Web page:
Domestic violence orders could be enforced nationwide
DOMESTIC violence orders could soon protect victims no matter where they are in Australia.
The Federal Government is also $30m on a national awareness campaign aimed at reducing the epidemic which claims one Australian woman each week.
Domestic violence support services say 17 victims have been killed this year.
One in three women over the age of 15 will experience domestic violence.
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The Federal Government has started work on a national DVO scheme and will discuss the plan with state and territory premiers at the Council of Australian Governments meeting later this year.
"One woman each week in Australia is murdered at the hands of a current or former intimate partner," minister assisting the prime minister on the status of women Michaelia Cash said.
"That's just wrong.
"We need, as a government and as a society, to shine the spotlight on the issue of domestic violence."
Ms Cash said the Commonwealth would ask all states and territories to make the national DVO scheme a reality as part of the National Plan to Reduce Violence against Women and their Children.
Under the plan when a protection order is issued, usually by a magistrate, in any state or territory it will apply across the country.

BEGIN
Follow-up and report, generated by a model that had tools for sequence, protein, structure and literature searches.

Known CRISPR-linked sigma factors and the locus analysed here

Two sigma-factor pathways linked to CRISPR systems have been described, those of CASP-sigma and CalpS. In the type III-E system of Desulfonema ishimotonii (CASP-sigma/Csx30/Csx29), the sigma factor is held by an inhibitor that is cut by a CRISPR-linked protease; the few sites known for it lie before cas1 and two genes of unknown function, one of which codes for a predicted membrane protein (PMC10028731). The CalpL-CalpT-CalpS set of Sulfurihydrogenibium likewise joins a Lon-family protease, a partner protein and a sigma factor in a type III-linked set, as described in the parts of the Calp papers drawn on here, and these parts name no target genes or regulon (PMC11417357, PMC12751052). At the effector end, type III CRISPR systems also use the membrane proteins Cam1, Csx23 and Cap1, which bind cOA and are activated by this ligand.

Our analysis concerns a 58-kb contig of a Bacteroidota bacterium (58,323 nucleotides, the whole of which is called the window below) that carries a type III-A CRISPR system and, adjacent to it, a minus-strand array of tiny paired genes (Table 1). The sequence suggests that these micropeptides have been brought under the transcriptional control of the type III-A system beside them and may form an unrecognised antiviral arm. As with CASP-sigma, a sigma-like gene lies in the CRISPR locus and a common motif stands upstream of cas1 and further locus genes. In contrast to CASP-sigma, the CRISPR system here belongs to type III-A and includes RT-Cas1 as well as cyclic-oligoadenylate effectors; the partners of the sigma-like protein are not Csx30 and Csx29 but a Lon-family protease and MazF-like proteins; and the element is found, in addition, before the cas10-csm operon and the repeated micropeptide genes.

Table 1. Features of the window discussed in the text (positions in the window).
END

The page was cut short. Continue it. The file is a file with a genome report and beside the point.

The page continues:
"Development of national standards for how we intervene against perpetrators and hold them accountable will be a priority," Ms Cash said.
"COAG will also consider the enactment of a national approach to dealing with online safety and the misuse of technology, so we can protect women against newer forms of abuse."
Opposition leader Bill Shorten said domestic violence was a national problem needing urgent action.
"It is without a doubt one of the greatest contradictions in our society that an act of hate can be done by people who claim to love the victim," he said.
"We have responsibility, I believe, for all of us in this place, to make it a national political priority."
2015 Australian of the Year Rosie Batty is on the COAG domestic violence advisory panel.
- APN NEWSDESK